L’ultima fatica di Zack Snyder (300, Watchman) era parsa sin dai trailer, una baracconata senza fine, peggiorata da un uso distorto dell’elemento femminista.
Il film, uscito in contemporanea in tutto il mondo, ha ricevuto dai critici americani una solenne stroncatura.
A.O.Scott sul New York Times:
You could go to see “Sucker Punch” this weekend — a lot of people probably will, and a few may even admit as much back at the office on Monday — or you could try to make it yourself, which might be more fun, though not necessarily cheaper. Here’s what you will need: a bunch of video-game platforms; DVDs of “Shutter Island,” “Kill Bill,” “Burlesque” and “Shrek”; some back issues of Maxim; a large bag of crystal meth; and around $100 million. Your imagination will take care of the rest.
But there is nothing here to enjoy, beyond the tiny satisfaction in noting that the movie lives up to its name.
Peter Debruge su Variety riassume:
The French call it “homage,” but Zack Snyder prefers the term “mash-up,” which is no doubt a more appropriate way to describe the cacophonous, half-digested mass of pop-culture influences that make up “Sucker Punch,” a crass women’s penitentiary picture reconceived for today’s manga- and vidgame-savvy crowd. Misleadingly positioned as female empowerment despite clearly having been hatched as fantasy fodder for 13-year-old guys, this sensory-overload exercise tarts up six actresses in service of various “Heavy Metal”-style scenarios — a setup likely to sucker fanboys while leaving those who crave humanity and good old-fashioned storytelling feeling like cavemen who’ve stumbled into Times Square.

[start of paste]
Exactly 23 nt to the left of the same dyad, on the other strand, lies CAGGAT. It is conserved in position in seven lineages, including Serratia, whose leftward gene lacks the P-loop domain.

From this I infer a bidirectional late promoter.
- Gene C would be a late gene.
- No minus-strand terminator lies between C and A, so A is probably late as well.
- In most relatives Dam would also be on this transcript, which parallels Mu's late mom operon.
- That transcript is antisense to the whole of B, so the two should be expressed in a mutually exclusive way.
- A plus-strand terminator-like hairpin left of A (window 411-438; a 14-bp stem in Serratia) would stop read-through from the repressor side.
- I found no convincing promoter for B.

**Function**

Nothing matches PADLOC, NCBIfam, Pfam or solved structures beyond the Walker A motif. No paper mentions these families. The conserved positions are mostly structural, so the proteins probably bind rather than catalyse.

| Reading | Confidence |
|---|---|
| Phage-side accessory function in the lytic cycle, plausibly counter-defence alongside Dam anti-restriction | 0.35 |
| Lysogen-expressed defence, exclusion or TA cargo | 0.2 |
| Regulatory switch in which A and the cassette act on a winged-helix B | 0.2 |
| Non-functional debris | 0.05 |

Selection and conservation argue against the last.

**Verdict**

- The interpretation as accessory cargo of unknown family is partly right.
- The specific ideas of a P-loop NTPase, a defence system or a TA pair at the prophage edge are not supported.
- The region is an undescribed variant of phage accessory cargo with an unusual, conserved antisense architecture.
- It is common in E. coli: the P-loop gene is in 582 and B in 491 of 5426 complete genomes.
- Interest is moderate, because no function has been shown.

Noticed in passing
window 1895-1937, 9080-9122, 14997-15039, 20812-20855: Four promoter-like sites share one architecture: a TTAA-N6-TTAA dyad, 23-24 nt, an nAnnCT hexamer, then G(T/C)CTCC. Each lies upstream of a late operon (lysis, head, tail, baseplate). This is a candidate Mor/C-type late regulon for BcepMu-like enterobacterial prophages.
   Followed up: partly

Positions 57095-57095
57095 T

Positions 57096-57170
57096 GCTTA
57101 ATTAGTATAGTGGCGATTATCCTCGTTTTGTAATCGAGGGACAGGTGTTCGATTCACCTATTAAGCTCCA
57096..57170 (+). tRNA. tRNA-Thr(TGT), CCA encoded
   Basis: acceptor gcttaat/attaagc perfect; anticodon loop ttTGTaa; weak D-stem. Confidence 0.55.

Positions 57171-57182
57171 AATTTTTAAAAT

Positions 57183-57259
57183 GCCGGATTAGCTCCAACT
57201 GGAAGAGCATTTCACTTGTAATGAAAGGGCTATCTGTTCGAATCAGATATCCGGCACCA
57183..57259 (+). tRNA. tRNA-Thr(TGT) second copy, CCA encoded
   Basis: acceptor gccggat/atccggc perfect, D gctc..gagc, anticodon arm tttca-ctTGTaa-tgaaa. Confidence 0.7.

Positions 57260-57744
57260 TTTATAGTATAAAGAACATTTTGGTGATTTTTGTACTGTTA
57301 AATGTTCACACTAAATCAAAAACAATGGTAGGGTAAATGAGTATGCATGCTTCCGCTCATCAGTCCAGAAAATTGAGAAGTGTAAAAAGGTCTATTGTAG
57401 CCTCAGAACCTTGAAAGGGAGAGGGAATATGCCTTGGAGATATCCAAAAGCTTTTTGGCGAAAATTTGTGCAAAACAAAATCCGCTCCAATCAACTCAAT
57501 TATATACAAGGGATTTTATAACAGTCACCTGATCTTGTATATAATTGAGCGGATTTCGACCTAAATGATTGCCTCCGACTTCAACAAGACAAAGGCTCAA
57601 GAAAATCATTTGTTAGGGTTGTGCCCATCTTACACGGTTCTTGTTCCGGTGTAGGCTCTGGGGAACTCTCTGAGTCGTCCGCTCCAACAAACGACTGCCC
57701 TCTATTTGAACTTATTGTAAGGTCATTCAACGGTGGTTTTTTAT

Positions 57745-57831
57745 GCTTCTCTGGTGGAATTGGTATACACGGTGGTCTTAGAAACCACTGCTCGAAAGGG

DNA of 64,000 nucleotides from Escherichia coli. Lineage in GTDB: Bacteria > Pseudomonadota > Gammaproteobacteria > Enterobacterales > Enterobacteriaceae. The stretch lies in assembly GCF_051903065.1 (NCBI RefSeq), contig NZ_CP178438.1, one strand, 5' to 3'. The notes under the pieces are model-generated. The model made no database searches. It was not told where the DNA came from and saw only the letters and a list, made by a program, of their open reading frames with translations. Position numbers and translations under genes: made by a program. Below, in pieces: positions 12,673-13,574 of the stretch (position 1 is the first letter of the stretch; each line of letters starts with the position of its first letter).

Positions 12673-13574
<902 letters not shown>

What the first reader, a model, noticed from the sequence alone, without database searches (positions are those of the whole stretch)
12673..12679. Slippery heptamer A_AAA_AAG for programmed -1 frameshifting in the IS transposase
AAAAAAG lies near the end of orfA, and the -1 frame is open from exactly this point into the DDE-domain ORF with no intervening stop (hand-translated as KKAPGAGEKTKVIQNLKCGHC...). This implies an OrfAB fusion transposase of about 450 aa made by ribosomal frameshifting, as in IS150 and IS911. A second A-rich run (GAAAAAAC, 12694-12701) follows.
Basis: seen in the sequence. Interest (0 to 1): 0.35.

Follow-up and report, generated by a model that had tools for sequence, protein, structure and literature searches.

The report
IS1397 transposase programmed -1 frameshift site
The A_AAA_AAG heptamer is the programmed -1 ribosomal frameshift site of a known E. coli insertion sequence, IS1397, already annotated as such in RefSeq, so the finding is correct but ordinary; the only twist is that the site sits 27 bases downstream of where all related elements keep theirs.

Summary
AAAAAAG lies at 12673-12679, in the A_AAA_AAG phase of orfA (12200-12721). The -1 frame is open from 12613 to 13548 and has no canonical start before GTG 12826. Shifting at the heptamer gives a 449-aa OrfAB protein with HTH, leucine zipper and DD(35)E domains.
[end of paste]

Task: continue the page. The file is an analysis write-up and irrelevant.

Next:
Todd McCarthy su The Hollywood Reporter si sofferma sulla prevedibile ripetitività della storia:
These blazing, slashing, swooping, diving, roaring, screaming, demolishing battles, which employ a variety of cool aircraft and the most exotic weapons imaginable, are the meat of Sucker Punch and are choreographed in an epic manner only possible with advanced CGI. The explosions, spearings, decapitations and all-out mayhem, much of it executed with the sort of elegant moves and delayed aerial suspension pioneered in The Matrix, will delight fans who crave this sort of thing from movies above all else.
But the dreamlike or imaginary context in which these sequences are presented automatically drains them of any sense of engagement; just as you can’t die in your own dreams, so, too, nothing bad can really happen to the five girls in these adventures, where the rules of engagement are anything Snyder wants them to be.
Ma il vero mistero è: cosa ci fa un’attrice come Abbie Cornish in un simile pasticcio?